The application of BTA to improve the aesthetic state of the face is another wide field [13]. Periocular and many other types of wrinkles are in the focus here (example see Fig 3).

Figure 3
figure 3

Effect of BTA on platysma wrinkles: left side: before BTA treatment ; right side: after BTA treatment. The skin of the neck region is apparently brightened.

For all facial applications the duration of the effect normally begins within 3–5 days and amounts 3–4 months. Then the treatment has to be repeated. Side effects like a ptosis (Fig 4), a "keratitis e lagophthalmo" or tearing are rare.

Figure 4
figure 4

Patient after BTA treatment of hyperlacrimation on both sides (injection into lacrimal glands). On the left side (left eye) a mild ptosis occurred. One can see the difference in the width of the palpebral fissure. The ptosis disappeared within 6 weeks.

An important, increasing field of application is the use of BTA in different pain syndromes, especially in patients suffering from tension headache, migraine and chronic daily headache (for review see [14, 15]).

Palatal tremor

Repetitive dystonic contractions of the muscles of the soft palate (palatoglossus and palatopharyngeus muscles, salpingopharyngeus, tensor and levator veli palatini muscles) lead to a rhythmic elevation of the soft palate [16]. This can cause speech and also swallowing disorders due to a velopharyngeal insufficiency. Most patients suffering from palatal tremor complain of "ear clicking". This rhythmic tinnitus is caused by a repetitive opening and closure of the orifice of the Eustachian tube. A particular sequelae of pathological movements of soft palate muscles is the syndrome of a "patulous Eustachian tube" [17]. These patients suffer from "autophonia" caused by an open Eustachian tube due to the increased muscle tension of the paratubal muscles (salpingopharyngeus, tensor and levator veli palatini muscles).

In a first treatment session, the application of five units of Botox® (uni- or bilaterally) into the soft palate is adequate in most cases. If necessary, this can be increased to two times 15 units of Botox®. The application is normally performed transorally (transpalatinal or via postrhinoscopy) under endoscopic control. To optimise the detection of the target muscle, injection under electromyographic control is recommended. To avoid side effects such as iatrogenic velopharyngeal insufficiency the treatment should be started with low doses as described above.

Hyperactivity of jaw muscles

Oromandibular dystonia (OMD)

In patients with an OMD tongue prostrusions and abnormal movements of the jaw are dominant feature of the clinical picture (Fig 5) [18]. That may result in severe symptoms for the patient like dysarthria and dysphagia. An exact inspection, palpation and electromyographic investigations are suited as diagnostic tools.

Figure 5
figure 5

Patient with OMD: Pathologic movements of the mandible are evident, patients use so called "gestes antagonistiques" to break the dystonic activity of the jaw muscles.

Depending of the kind of movement disorder, botulinun toxin injections into the floor of the mouth, the extrinsic tongue muscles and different jaw muscles have to be done to improve the clinical picture. We avoid injections into intinsic tongue muscles because weakening these muscles may result into relevant side effects like swallowing disorders, speech problems and problems of jawing.

Different approaches for injections are described like the external and internal approach of the pterygoideus medialis muscle as an example.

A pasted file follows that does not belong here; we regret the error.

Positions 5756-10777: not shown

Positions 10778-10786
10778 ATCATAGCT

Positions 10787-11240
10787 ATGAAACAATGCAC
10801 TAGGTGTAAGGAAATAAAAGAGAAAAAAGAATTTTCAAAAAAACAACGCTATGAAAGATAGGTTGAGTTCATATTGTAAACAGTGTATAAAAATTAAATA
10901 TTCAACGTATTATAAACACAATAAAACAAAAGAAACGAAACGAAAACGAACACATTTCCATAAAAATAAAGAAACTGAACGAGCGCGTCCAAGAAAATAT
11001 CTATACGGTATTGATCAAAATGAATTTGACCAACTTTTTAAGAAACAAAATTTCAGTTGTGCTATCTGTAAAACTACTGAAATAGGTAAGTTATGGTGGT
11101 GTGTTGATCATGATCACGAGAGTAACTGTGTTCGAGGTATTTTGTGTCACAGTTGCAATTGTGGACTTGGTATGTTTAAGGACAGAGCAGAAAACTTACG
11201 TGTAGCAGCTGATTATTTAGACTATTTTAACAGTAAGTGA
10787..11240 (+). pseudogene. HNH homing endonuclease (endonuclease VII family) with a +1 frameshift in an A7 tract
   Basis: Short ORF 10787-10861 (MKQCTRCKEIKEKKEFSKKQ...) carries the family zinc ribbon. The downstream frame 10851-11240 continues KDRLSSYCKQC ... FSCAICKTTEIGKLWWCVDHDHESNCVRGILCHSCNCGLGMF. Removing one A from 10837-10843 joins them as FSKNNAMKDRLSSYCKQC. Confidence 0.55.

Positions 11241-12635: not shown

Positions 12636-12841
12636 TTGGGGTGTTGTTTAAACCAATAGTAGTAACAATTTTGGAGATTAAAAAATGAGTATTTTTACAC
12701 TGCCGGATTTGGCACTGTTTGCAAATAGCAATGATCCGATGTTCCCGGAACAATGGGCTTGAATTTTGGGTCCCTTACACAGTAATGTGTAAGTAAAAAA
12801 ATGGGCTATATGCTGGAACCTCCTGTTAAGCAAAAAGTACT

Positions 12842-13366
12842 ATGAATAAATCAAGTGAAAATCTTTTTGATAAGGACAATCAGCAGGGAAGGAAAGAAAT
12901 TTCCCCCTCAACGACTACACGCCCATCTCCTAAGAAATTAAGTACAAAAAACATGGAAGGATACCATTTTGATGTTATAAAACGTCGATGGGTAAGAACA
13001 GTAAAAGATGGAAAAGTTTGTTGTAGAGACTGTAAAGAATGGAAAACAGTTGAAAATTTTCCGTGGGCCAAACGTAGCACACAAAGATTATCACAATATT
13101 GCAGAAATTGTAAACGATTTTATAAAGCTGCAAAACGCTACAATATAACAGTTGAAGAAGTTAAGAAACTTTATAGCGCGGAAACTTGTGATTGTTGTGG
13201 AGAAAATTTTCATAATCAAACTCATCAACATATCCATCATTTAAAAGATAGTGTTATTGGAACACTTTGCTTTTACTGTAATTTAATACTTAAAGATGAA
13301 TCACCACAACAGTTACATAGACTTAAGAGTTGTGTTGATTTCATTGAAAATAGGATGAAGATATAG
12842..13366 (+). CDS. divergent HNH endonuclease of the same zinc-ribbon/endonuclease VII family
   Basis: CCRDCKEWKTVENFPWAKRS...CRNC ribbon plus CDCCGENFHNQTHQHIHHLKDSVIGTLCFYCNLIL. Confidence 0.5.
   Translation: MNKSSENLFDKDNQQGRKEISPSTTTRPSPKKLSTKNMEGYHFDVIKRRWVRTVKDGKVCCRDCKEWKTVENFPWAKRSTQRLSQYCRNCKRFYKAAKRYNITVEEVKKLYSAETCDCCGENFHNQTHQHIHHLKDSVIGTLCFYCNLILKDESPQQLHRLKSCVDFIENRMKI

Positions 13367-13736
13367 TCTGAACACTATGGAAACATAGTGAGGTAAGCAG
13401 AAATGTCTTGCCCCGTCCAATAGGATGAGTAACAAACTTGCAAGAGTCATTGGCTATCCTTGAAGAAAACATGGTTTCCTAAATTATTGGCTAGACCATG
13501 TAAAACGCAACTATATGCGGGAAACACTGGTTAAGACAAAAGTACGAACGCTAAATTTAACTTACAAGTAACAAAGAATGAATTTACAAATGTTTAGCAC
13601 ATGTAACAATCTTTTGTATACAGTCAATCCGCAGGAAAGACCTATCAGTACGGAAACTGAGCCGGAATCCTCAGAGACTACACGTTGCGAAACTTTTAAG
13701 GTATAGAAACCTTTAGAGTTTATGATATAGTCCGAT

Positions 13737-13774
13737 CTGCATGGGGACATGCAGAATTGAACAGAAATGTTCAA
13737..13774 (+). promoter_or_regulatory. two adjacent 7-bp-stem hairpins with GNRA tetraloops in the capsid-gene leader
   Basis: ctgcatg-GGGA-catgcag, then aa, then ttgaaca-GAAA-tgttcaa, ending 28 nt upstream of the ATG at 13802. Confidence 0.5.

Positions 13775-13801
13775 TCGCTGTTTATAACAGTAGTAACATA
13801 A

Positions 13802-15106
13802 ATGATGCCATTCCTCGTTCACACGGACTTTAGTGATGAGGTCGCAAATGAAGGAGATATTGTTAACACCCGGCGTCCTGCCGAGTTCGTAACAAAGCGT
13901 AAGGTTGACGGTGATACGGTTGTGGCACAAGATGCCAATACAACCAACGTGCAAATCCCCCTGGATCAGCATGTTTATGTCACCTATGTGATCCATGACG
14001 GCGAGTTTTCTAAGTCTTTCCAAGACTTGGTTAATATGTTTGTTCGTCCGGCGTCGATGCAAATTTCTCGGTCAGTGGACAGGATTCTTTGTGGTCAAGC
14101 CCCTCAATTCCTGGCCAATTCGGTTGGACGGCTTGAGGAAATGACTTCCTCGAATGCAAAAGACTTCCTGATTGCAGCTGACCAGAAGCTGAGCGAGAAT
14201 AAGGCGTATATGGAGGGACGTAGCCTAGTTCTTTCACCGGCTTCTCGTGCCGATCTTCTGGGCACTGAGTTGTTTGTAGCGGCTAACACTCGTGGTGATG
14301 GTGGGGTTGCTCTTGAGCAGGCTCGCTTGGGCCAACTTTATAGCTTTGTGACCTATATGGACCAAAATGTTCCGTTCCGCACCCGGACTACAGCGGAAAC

In the treatment of OMD, we use doses up to 50 units Botox®.

Severe Bruxism [19]

If severe bruxisms does not improve after conventional therapeutic measures, additional injections with botulinum toxin may improve the clinical picture. Injections have to be done into the masseter and temporalis muscles ; doses up to 60 units Botox® per muscle are described. The treatment can be performed using electromyography.

Hypertrophy of the masseter muscle

Hypertrophy of the masseter muscle leads to a difference in the symmetry of the face [20].

The injection can be performed transoral or from outside.

In the literature, injections up to 50 units Botox® into each masseter muscle are recommended.

Further indications

BTA also is used in patients with a fracture of the jaw for immobilisation of the jaw, in patients with a jaw luxation caused by a hyperactivity of the lateral pterygoid muscle and in patients with a lockjaw.

Autonomous Nerve System


Hypersalivation is of high relevance for patients suffering from different diseases (see Fig 6) [21, 22]. Some patients of this group are not able to swallow their saliva because of a stenosis of the upper esophagus sphincter region caused by scar formation after a tumor resection. In other patients the sensory control of the entrance of the larynx is reduced and therefore saliva may pass the larynx and reach the trachea and the bronchus. That leads to permanent aspiration and aspiration pneumonia. In a third group of patients problems of the wound healing process after extended surgery exist, like fistulas following laryngectomies. In these cases saliva is a very aggressive agens preventing a normal healing process. In addition, different neurological disorders include hypersalivation as a very serious symptom.

Figure 6
figure 6

Patient with extensive hypersalivation (drooling): he is not able to swallow and so looses the saliva out of the mouth. He suffered from a "herpes-encephalitis" some years ago in his childhood.

Based on our expanded experiences literature, we prefer in our patients the ultra-sound-guided injection into the parotid and submandibular gland on each side. We inject into the parotid gland 22.5 units Botox® on each side, distributed on 3 points. The submandibular glands are treated by a ultrasound-guided one or 2-point injection of a total of 15 units Botox® per gland. It has been shown by objective datas in a lot of papers that BTA injections are effective in reducing the saliva flow, accompanied by very few side effects.

Gustatory sweating, sweating of the face